Winnie was asked to leave the meeting that evening because she wouldn’t stop gabbing about the deaths of the servants that afternoon and everyone she had seen at the square and what they had done. Gabe escorted her to the door and told her she could rejoin the meetings when she learned to hold her tongue. When he shut the inn door behind her, he shuddered at what he had just done. How did I get the courage to do that?
The meeting was small that evening. Gabe guessed more than half of their number had been imprisoned, although he wasn’t really sure what that number was—he had never counted. Gabe wondered about the men and women missing. Had they been arrested or did they just switch loyalties, like Marcus and Brad Winsley?
He had run into Marcus in the square one day. Marcus had taken his hat in his hand and had averted his eyes. He had repeated the same thing he had said at the meeting: he was just doing what was best for his village and his family. After apologizing, he had walked away without ever having looked Gabe in the eyes. Gabe had decided not to go after him.
He wandered around the inn’s dining hall, greeting people. He heard one man recount how he had escaped arrest on Sunday. Hearing the happy ending, Gabe repeated to himself, “The King made a way.” At one table, he stopped to introduce himself to a young man, a few years his elder.
“Hello.” Gabe reached out a hand. The young man took it and returned the greeting.
“My name’s Gabe.”
“I’m John, and I know who you are.” John smiled and pointed at Emily and her husband, sitting across from him at the table. “Those are my parents. You came and helped them out when I was so sick with that virus that went around the village. Now it’s just the three of us at home; my brother died then. My parents have been coming around here ever since then I guess, but this is my first time joining them.”
“I remember coming to your farmhouse. I was glad to help out.” Gabe spied Angela drifting by, watching. He pulled her over and introduced his sister.
John said hello, but Angela just smiled back shyly. Gabe had guessed John was about eighteen, but there was something else he could tell just by looking—he was handsome. Gabe could see that in Angela’s eyes.
After a time, the meeting fell into its familiar routine: Gabe’s impassioned plea and Angela’s melodic voice. Even when she read from the King’s law, you could hear music in her voice.
Before everyone had emptied the inn, Gabe took John aside. Gabe wondered if in a few years, he would be able to look him straight in the eye, but presently he got an eyeful of Adam’s apple. He tilted his head and asked John why he had come to the meeting.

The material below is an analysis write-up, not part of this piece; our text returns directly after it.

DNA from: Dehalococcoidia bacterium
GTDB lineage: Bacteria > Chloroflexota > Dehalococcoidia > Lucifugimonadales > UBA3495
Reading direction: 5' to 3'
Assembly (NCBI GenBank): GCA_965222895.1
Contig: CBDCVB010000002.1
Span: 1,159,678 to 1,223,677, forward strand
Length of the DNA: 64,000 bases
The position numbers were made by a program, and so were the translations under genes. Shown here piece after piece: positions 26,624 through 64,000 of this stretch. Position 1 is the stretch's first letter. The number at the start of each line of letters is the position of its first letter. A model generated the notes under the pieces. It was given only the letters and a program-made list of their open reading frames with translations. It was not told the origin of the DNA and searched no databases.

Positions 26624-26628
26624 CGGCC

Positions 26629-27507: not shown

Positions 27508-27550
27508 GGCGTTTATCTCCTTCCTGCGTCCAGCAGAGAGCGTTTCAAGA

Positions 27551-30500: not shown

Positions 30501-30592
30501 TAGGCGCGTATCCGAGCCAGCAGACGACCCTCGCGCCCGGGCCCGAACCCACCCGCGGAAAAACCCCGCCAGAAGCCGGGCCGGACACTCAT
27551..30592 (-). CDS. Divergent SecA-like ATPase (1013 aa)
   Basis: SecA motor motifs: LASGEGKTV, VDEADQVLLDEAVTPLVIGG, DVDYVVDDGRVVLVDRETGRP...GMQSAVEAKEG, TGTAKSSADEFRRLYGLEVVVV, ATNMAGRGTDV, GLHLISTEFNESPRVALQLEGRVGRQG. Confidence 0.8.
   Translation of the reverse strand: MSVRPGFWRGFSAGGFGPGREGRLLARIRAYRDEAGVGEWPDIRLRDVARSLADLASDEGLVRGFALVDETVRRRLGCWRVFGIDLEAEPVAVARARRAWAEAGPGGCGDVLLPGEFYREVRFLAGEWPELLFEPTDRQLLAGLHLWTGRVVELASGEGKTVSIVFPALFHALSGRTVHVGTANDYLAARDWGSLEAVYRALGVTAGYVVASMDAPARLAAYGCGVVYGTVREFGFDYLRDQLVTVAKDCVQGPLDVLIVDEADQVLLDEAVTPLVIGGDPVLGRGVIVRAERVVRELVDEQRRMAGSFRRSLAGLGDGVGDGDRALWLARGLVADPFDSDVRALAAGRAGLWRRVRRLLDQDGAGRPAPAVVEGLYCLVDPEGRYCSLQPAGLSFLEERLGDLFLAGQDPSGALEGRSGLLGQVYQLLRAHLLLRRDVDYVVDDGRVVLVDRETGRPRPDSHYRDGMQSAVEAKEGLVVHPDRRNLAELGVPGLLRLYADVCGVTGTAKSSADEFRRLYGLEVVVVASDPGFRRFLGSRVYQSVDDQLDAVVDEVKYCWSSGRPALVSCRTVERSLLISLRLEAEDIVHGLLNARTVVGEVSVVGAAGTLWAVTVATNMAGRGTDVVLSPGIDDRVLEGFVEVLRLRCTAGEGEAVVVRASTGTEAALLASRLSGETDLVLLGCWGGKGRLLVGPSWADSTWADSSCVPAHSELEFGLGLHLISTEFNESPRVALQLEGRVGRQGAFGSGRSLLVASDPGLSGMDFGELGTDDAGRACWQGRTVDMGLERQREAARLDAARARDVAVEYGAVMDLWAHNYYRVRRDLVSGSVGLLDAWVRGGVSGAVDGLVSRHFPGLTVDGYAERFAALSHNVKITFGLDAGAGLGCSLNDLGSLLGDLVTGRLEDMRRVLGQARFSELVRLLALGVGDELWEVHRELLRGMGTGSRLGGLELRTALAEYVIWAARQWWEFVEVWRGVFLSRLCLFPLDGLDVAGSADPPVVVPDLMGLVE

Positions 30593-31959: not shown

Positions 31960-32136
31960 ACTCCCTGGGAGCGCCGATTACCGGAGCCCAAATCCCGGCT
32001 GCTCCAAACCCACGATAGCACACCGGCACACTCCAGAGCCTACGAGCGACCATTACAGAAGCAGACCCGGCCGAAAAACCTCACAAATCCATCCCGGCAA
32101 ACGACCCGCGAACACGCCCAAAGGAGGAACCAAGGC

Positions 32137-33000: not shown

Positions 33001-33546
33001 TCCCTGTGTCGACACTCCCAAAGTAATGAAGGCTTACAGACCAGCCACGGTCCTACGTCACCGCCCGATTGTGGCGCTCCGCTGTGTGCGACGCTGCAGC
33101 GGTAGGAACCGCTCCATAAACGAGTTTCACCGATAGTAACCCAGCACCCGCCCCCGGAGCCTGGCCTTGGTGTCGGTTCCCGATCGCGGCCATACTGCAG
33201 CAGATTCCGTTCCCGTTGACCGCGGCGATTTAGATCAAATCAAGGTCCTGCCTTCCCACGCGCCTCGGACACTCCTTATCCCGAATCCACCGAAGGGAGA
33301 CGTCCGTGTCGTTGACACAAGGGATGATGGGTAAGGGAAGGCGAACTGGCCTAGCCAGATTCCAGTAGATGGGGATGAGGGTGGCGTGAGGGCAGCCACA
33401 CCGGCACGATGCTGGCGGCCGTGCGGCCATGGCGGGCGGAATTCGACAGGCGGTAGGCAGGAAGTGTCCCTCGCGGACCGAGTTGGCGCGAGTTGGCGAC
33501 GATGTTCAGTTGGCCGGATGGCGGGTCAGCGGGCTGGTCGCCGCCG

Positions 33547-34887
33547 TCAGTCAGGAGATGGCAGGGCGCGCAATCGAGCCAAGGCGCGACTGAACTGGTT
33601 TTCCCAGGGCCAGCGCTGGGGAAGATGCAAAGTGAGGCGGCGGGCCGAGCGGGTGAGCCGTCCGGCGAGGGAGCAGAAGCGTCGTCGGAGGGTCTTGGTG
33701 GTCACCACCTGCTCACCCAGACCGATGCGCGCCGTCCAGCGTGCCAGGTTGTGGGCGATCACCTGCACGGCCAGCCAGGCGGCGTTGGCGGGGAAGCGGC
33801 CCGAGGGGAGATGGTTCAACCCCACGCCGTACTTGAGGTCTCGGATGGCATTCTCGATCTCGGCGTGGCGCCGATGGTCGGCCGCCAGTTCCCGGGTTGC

“When Vulpine asked us to kill those men in the square, I knew I couldn’t have anything to do with the man. It made me sick. Listening to you talk about the King…it was just the opposite. I know he’s someone I can honor.”
Gabe was ready with another question. “Tomorrow I’m going to try and visit our friends who were arrested for not attending the singing ceremony. Would you like to come with me?” John shook on it and a new partnership was formed.
Bread and cheese filled two long baskets along with apples Mother had stored in the cellar to preserve during the winter. Angela had tucked a copy of the King’s law into the bottom of one of the baskets and covered it with a plain white cloth edged with roses. She thought of the nights she had spent with red thread wrapped around her pointer finger doing the fine work, and she was happy that her labors could serve such a purpose. She admired her cornucopias but knew they would only feed each prisoner a small amount.
“Come home” was all she said as Gabe took up the basket handles.
“The King will make a way.” He matched her reticence and was gone.
John was already waiting for him in front of the inn. “Let me help you with that.” He took one of the baskets. With the wind chilling their cheeks, they walked the full length of the village: they left King’s Hill behind them, passed John’s family farm, peered in the shops in the square, skated over a bit of the lake and, for the first time in their lives, walked into the jail.
The guard had opened the door for them without hassle. Inside, another leaned his wooden chair against the wall, warming his hands on a cup of coffee. “What business do you have here?”
“We’ve brought some food for your prisoners,” John answered.
“And for me I hope.” The guard’s voice was calm and casual, as if they were old friends.
John looked to Gabe.
“Sir, I see you have a warm cup of coffee there and probably had a warm breakfast this morning too. Have your prisoners even had a cold meal today?”
“What do I care about the prisoners?” The guard turned gruff. “Let me see what you have there.” The front legs of his chair struck the hard floor. He took his time getting up and walking over to them, boring a hole through Gabe with his stare. He poked through the baskets and said in disgust, “Bird food. But the wife might like this here.” He tugged hard and quick on the cloth and yanked it out from under the food spilling a dozen bread rolls onto the floor. “Clean up this mess,” he ordered and then laughed.